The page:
Tag Archives: Obituaries

Looking Back At Nirvana

Kurt Cobain

KURT COBAIN WAS NOT a generation’s representative, a spokesperson, or even a rock star. Many tried to press him into these and other molds, much to his frustration, but it happens that he was a songwriter always on the search for a new sound. When he died, by medical estimation on the fifth of April in 1994, some (among them R.E.M.’s Michael Stipe) believed he was about to abandon the grunge formula for which he had become known. There is evidence he was about to quit music altogether. In any case, the posthumous album, MTV Unplugged in New York, is the best indication we have of the band’s unrealized prospects. Perhaps Nirvana’s most accessible and widely known recording, Unplugged is an accomplished example of musical understatement, disclosing Cobain’s intuitive ability to compose songs (or in the case of The Vaselines, Meat Puppets, Lead Belly, and David Bowie covers, select them) which complement his particular vocal and playing styles.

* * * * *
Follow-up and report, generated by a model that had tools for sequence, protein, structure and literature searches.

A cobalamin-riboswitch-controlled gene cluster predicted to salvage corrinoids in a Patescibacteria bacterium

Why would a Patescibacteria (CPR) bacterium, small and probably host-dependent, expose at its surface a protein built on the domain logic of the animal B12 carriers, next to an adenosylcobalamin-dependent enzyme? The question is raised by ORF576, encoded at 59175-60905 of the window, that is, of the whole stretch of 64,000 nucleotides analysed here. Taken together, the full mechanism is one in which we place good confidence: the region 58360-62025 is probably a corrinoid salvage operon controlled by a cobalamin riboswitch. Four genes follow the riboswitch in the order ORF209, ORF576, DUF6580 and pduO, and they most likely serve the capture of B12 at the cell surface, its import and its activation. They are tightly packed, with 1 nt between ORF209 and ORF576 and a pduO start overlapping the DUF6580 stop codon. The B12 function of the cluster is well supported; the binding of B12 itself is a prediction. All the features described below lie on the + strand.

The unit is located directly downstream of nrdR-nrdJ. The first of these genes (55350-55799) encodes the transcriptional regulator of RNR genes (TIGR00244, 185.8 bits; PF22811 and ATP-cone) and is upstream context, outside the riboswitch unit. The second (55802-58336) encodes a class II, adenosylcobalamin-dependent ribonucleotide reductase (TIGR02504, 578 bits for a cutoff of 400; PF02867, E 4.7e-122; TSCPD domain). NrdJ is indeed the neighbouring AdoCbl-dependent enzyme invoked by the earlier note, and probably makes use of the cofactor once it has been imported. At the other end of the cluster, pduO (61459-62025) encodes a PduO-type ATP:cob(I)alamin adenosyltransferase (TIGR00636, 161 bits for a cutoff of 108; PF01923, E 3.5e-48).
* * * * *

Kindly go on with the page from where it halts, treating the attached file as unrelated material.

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Margaret Thatcher was the enemy of the tepid, mushy middle

Margaret-Thatcher

AMONG THE GOOD Riddances this past week were exhibitions of ill grace from British citizens not yet born in 1979, the year Margaret Thatcher captured the office of Prime Minister. It happens that 1979 is a year I recall vividly — from the retreat of Pol Pot to the televised campaign ads of former California governor, Ronald Reagan, boasting (ironically, as it would turn out) his reduction of the public debt, to the Iranian hostage crisis. To remember the flavour of those days is to begin the accounting of Thatcher’s political successes.

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